Death? How did that get in there? It is not an image that comes to mind when you think of childhood. And yet it is a part of childhood much more often than commonly thought. New national research we conducted shows that one out of seven kids will lose a parent or sibling before the age of 20.
The impact of such loss can be profound. Among the adults we surveyed who lost a parent growing up, more than half (57 percent) said they would trade a year of their life for one more day with their parent and 69 percent said they still think of their parent frequently.
Childhood bereavement is one of society’s most chronically painful yet rarely examined and most underestimated phenomena. Fearful of burdening their surviving parent– and growing up in a society that runs from the mention of death and grief– kids who lose loved ones get the message early on that people are uncomfortable talking about their loss, so they suffer in silence. As a result, these children are too often subject to a distressing range of emotional, psychological and behavioral difficulties, which can extend well into adulthood.
It’s time for a national conversation on childhood bereavement.
The Forgotten Mourners
Grieving kids are often called the forgotten mourners. They are too easy to overlook.
They don’t wear black and don’t mourn 24/7. They often keep up their grades and extra curricular activities. They may look “OK” to the daily observer, but they are grieving.
Childhood grief does not look like adult grief, so it often gets missed and dismissed. Kids grieve in short bursts–while playing they may fall and skin their knee and end up crying not for the skinned knee, but for their mom who died, who used to put Bandaids on that skinned knee. But moments later, they are off playing again. Don’t be mistaken by this quick recovery.
Our society does not encourage kids — or adults, for that matter — to talk about their loss. When kids bring up their deceased father’s name and mom starts to cry, or their best friend looks at the ground and changes the subject, or their teacher says, “shouldn’t you be over that by now?” Guess what? They stop communicating.
One such girl was captain of the cheerleading squad, president of the student council, and on the National Honor Society. Her mother died when she was nine. Her father remarried the next year and died when she was 12, the day before Jr. High started. She didn’t fit in with the girls her age, rarely participated in sleepovers, and cried a lot in her room. Her goal everyday was not to be happy, but simply to be okay, and not to cry. She never talked about her loss.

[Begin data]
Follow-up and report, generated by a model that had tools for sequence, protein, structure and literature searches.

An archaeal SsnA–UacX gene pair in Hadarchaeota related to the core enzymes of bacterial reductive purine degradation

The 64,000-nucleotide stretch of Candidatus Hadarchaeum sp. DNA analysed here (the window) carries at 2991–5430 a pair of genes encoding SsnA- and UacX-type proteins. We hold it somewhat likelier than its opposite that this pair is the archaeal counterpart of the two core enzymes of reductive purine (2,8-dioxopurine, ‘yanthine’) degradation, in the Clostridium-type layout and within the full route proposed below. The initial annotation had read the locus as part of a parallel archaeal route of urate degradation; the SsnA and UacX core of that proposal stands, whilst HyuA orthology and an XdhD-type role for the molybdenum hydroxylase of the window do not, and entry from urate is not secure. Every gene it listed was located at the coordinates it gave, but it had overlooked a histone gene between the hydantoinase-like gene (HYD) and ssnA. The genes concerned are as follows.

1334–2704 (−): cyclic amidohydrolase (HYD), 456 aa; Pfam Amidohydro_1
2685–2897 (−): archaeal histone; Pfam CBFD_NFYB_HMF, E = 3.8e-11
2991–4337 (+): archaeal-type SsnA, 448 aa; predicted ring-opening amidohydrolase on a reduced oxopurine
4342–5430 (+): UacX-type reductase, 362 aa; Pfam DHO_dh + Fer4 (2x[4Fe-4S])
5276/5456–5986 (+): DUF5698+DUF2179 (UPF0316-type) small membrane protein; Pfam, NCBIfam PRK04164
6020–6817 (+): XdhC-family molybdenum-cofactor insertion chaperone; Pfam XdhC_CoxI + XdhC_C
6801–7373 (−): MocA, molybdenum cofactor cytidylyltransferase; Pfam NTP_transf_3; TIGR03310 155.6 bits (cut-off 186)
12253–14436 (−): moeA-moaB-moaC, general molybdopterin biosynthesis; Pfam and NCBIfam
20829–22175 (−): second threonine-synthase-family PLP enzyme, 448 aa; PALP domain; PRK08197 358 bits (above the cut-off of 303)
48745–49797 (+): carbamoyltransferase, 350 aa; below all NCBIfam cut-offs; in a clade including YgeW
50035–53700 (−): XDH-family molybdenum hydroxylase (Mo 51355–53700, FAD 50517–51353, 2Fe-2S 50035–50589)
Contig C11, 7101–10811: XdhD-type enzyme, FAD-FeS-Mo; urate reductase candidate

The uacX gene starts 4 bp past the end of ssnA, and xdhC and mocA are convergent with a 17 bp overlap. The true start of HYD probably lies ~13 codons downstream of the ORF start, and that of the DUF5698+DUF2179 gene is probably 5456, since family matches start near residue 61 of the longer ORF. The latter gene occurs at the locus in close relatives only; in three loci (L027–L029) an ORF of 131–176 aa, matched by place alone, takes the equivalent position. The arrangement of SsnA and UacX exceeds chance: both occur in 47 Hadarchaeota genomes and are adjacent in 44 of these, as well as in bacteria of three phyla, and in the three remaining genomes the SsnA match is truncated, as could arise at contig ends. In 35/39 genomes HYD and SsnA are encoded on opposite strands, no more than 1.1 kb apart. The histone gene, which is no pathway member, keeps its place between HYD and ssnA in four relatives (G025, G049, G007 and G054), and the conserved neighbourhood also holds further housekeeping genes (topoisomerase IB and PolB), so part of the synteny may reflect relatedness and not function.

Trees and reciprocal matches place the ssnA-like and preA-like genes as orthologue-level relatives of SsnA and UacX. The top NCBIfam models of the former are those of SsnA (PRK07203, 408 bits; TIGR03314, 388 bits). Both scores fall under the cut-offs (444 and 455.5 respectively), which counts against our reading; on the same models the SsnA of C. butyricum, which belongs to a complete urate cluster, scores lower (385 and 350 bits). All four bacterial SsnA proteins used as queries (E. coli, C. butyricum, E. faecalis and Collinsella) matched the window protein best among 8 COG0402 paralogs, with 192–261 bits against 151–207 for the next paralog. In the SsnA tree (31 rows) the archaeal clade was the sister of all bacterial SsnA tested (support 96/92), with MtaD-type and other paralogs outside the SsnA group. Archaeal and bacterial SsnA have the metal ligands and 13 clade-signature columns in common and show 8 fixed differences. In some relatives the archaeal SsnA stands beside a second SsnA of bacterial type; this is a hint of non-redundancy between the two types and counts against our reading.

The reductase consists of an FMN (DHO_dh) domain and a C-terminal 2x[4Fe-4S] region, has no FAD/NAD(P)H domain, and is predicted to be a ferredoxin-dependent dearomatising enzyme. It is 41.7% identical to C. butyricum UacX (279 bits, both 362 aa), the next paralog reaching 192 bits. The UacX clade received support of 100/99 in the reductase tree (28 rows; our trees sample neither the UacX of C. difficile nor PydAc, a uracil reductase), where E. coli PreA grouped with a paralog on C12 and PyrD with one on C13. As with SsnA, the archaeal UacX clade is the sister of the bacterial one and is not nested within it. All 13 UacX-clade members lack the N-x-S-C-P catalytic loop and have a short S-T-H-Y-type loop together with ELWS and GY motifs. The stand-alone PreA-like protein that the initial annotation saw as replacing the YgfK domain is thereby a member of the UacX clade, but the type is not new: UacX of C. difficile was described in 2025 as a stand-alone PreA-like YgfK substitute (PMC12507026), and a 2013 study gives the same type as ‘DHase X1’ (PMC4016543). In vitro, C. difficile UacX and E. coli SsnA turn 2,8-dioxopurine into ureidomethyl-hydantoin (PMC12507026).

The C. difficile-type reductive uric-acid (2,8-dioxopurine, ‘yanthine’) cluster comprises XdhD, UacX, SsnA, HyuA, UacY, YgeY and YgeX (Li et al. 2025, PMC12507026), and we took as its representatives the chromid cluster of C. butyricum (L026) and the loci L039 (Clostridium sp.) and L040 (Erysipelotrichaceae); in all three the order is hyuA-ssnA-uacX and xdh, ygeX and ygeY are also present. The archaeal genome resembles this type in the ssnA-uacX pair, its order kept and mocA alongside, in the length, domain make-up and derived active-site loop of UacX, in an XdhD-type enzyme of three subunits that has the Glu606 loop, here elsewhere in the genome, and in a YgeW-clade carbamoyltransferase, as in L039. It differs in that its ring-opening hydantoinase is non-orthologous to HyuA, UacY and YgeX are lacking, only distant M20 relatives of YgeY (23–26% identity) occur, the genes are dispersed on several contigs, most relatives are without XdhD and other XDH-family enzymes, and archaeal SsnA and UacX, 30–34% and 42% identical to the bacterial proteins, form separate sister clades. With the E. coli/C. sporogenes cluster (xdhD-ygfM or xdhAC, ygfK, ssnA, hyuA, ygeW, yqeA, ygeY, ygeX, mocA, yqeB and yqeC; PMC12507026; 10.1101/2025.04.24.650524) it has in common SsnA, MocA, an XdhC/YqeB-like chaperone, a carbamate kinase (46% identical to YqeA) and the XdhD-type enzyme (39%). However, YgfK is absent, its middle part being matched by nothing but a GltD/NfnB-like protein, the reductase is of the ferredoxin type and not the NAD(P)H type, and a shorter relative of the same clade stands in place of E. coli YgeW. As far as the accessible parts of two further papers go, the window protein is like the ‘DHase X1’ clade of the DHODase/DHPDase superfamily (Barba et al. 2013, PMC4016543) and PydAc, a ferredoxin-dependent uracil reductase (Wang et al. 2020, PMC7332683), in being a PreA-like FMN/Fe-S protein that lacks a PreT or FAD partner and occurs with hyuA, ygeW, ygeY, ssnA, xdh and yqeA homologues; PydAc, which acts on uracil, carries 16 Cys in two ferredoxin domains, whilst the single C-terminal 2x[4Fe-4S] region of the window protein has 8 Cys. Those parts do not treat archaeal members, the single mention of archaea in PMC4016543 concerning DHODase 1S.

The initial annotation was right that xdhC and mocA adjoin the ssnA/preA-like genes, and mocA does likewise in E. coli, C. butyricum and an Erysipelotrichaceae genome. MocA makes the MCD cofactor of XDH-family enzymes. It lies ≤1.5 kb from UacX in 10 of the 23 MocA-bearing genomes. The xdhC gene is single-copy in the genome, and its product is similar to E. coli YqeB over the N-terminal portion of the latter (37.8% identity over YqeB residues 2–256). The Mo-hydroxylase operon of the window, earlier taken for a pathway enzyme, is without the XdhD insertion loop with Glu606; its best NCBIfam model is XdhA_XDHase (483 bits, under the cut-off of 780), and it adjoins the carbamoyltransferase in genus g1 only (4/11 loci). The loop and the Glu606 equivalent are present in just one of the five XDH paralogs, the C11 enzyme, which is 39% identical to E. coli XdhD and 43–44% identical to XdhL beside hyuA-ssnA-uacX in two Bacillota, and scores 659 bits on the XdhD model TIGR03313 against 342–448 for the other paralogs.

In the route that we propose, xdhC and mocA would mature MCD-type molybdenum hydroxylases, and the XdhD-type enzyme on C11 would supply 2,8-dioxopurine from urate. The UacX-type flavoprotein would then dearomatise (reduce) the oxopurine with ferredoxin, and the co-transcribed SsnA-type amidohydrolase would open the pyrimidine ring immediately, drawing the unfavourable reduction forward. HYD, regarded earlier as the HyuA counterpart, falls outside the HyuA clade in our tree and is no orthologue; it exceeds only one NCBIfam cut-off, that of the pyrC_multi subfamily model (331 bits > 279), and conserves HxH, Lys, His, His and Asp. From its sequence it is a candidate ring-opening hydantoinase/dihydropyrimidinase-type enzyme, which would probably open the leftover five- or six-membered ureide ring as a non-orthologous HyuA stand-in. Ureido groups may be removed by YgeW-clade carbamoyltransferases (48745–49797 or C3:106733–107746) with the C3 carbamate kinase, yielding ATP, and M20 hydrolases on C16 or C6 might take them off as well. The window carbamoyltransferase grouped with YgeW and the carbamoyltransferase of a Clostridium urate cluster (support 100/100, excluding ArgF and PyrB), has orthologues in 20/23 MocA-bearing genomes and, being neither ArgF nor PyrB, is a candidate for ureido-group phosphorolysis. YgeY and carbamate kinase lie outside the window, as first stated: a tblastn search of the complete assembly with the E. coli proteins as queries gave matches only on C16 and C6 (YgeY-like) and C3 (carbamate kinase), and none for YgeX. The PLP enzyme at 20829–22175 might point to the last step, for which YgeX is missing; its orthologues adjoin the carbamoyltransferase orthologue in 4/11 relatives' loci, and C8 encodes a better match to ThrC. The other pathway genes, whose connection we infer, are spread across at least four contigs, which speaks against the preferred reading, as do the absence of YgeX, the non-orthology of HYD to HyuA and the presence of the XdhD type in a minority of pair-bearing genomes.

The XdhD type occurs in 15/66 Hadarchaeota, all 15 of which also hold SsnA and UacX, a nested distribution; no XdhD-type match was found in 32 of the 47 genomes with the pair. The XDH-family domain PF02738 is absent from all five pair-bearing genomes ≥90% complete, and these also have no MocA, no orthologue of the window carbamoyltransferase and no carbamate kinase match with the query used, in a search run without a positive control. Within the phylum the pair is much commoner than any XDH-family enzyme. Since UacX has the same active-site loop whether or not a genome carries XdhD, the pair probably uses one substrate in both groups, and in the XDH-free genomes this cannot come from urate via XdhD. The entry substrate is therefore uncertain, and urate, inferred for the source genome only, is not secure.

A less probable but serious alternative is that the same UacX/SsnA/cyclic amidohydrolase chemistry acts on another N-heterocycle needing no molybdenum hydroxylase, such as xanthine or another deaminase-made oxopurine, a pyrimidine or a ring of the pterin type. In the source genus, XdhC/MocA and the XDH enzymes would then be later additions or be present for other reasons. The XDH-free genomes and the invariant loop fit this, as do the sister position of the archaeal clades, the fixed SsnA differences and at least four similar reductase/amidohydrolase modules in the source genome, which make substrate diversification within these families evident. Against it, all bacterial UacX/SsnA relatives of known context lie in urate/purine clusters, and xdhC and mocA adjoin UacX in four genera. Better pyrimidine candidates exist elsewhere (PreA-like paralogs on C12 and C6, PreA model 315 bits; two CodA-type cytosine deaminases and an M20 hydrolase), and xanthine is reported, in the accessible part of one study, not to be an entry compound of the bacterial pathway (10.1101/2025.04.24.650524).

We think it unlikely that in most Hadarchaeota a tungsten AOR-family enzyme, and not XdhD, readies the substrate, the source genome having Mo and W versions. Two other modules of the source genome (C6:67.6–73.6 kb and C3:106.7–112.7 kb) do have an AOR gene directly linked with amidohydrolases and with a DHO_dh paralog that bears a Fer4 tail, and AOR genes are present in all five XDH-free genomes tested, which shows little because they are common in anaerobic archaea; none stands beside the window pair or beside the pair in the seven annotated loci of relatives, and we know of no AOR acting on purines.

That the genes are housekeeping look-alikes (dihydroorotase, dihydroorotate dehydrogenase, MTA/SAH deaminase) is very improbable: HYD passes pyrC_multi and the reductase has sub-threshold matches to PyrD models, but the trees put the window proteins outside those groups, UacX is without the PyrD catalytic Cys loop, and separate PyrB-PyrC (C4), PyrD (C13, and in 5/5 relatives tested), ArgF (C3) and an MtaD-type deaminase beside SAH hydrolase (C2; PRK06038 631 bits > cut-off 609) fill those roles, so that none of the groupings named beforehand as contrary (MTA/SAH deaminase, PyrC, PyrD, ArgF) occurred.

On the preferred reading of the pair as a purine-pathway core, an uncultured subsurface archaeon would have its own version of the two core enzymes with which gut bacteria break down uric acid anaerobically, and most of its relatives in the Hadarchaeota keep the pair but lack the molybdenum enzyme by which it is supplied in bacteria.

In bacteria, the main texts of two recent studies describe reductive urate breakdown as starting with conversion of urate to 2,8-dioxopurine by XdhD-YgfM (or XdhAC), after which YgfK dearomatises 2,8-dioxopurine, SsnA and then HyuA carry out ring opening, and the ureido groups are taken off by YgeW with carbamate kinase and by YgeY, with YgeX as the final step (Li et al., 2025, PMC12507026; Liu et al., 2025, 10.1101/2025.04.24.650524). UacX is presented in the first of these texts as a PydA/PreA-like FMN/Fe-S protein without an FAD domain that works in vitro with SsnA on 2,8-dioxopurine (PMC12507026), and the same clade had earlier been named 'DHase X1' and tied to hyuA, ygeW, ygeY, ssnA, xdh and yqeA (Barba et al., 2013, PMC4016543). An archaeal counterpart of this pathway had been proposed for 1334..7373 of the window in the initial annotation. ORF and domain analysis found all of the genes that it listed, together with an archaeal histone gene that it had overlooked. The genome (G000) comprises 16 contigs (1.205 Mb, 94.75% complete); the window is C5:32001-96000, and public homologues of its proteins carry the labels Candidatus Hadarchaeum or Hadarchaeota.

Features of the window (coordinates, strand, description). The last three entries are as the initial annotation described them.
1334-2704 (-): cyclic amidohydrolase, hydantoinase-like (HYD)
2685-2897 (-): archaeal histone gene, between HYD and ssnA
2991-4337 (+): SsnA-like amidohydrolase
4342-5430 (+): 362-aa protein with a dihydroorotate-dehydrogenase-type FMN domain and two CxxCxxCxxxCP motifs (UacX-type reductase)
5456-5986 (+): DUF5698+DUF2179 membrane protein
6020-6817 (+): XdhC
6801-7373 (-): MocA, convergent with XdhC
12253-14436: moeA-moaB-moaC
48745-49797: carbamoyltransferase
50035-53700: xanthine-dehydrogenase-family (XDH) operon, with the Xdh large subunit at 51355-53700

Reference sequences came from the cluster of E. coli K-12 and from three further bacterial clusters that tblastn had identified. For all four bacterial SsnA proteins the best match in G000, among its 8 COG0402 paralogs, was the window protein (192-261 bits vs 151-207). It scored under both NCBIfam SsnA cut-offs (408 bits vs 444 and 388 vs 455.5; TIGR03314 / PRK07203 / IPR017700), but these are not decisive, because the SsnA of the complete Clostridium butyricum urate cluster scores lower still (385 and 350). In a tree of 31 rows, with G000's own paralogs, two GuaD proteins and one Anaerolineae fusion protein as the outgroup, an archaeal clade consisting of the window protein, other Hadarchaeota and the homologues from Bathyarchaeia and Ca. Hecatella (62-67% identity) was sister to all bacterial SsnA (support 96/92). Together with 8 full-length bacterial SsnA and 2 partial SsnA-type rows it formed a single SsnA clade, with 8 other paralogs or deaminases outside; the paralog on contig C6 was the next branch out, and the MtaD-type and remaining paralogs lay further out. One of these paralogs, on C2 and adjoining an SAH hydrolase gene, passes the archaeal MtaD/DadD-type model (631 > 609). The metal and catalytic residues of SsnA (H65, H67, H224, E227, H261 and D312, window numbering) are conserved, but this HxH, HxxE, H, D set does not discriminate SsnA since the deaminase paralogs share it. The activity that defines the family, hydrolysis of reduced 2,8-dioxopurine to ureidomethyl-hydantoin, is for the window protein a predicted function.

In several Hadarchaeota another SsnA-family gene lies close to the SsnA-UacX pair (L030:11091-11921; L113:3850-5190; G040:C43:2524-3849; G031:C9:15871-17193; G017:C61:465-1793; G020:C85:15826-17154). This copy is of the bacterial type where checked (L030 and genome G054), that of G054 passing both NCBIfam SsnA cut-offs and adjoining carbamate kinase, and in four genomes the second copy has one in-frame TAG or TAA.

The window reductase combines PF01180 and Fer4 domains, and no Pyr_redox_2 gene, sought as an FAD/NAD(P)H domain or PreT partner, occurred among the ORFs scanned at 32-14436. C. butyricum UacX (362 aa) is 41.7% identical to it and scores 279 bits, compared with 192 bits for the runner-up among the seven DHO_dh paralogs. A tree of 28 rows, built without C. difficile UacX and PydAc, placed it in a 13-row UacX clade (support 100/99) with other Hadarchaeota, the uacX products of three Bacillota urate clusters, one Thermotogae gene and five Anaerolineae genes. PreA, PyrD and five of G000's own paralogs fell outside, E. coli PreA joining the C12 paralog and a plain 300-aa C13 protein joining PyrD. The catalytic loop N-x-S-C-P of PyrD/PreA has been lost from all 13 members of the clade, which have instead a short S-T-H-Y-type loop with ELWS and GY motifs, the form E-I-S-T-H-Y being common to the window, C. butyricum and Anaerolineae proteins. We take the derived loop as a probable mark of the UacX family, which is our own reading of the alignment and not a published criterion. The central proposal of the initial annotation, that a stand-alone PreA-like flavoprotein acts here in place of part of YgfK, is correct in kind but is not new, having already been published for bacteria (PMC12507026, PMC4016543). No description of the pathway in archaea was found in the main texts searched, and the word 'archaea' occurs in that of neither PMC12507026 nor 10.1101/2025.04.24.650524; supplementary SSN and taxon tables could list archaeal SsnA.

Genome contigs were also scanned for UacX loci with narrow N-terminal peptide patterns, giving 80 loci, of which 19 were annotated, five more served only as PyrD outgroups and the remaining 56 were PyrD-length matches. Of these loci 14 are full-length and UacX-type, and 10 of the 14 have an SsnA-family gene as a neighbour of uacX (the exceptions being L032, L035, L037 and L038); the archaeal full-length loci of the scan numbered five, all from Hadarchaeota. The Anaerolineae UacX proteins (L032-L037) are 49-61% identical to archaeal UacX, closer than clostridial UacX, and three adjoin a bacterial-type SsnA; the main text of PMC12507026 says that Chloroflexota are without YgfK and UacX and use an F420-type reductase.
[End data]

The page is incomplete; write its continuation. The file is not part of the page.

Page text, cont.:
That girl was me.
I looked like everybody else on the outside, but on the inside, there was a huge hole that I dealt with everyday. Grief separated me. It was lonely and isolating and enduring.
Finding Your Comfort Zone
When I was growing up, there weren’t many resources for grieving children. Sadly, many years later there still are not enough. That’s why I founded Comfort Zone Camp the nation’s largest bereavement camps for kids.
Comfort Zone Camp breaks the isolation grieving children feel and let them know they are not alone. It allows them to get back to being kids again, provides validation for their feelings, and gives them tools to help heal. In 12 years, we have helped over 5,200 children. And our camps are free to all — thanks in large part to the New York Life Foundation. One kid may come to camp with clothes in a grocery sack and another in monogrammed luggage. They both start talking about, “who will give me away when I get married,” and their grief becomes a great equalizer.
We’ve helped a lot of kids but we are just scratching the surface of an unmet need in our society. Getting kid to camp is a critical step, but we need to do more. All of us.
A Community Response
I still frequently hear horror stories of communities not supporting grieving kids. I cringe every time.
Last year at Comfort Zone, I met three teens from three different states who had each been put in anger management classes in school for getting defensive when teachers told them they should be over their loss and “not use it as an excuse.”
Clearly the impact of the early loss is lost on too many Americans. We need to do more to touch the millions who are grieving–both kids and adults. Katie Couric’s recent report “When Families Grieve” illustrates this exact point. Grieving children are crying out for help, but is anyone listening?
I believe most of us are well-intentioned, but our efforts are constrained by a fear of ‘doing something wrong’ or by a simple lack of knowledge over what to do or where to go for help. It’s really quite simple. Most families want understanding, an inquiring word, an occasional invitation, and some arms-and-legs support.
Grief is a journey. We can’t eliminate it, but we can make it more manageable. That’s why Comfort Zone has created Hello Grief. The goals of the site are to start a discussion about the impact of loss, provide information on how to help grieving families cope, and to build a community of support. Our social networking tools also help kids and adults who are grieving connect and share their feelings.
I’m on a mission to give a voice and a place to grieving children and their parents. You can help. Together we must raise awareness of the effects of childhood bereavement so that kids can get back to being kids again. Grieving children need to rebuild their safety nets. We need to support them – at home, at school, and in everyday life Giving these kids the time and opportunity to heal is critical to their ability to thrive as adults
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For more information on the camps (which are offered free of charge) or how to attend or volunteer, please visit www.comfortzonecamp.org or call 866.488.5679.
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This article originally ran in the Huffington Post, May 26, 2010. View here.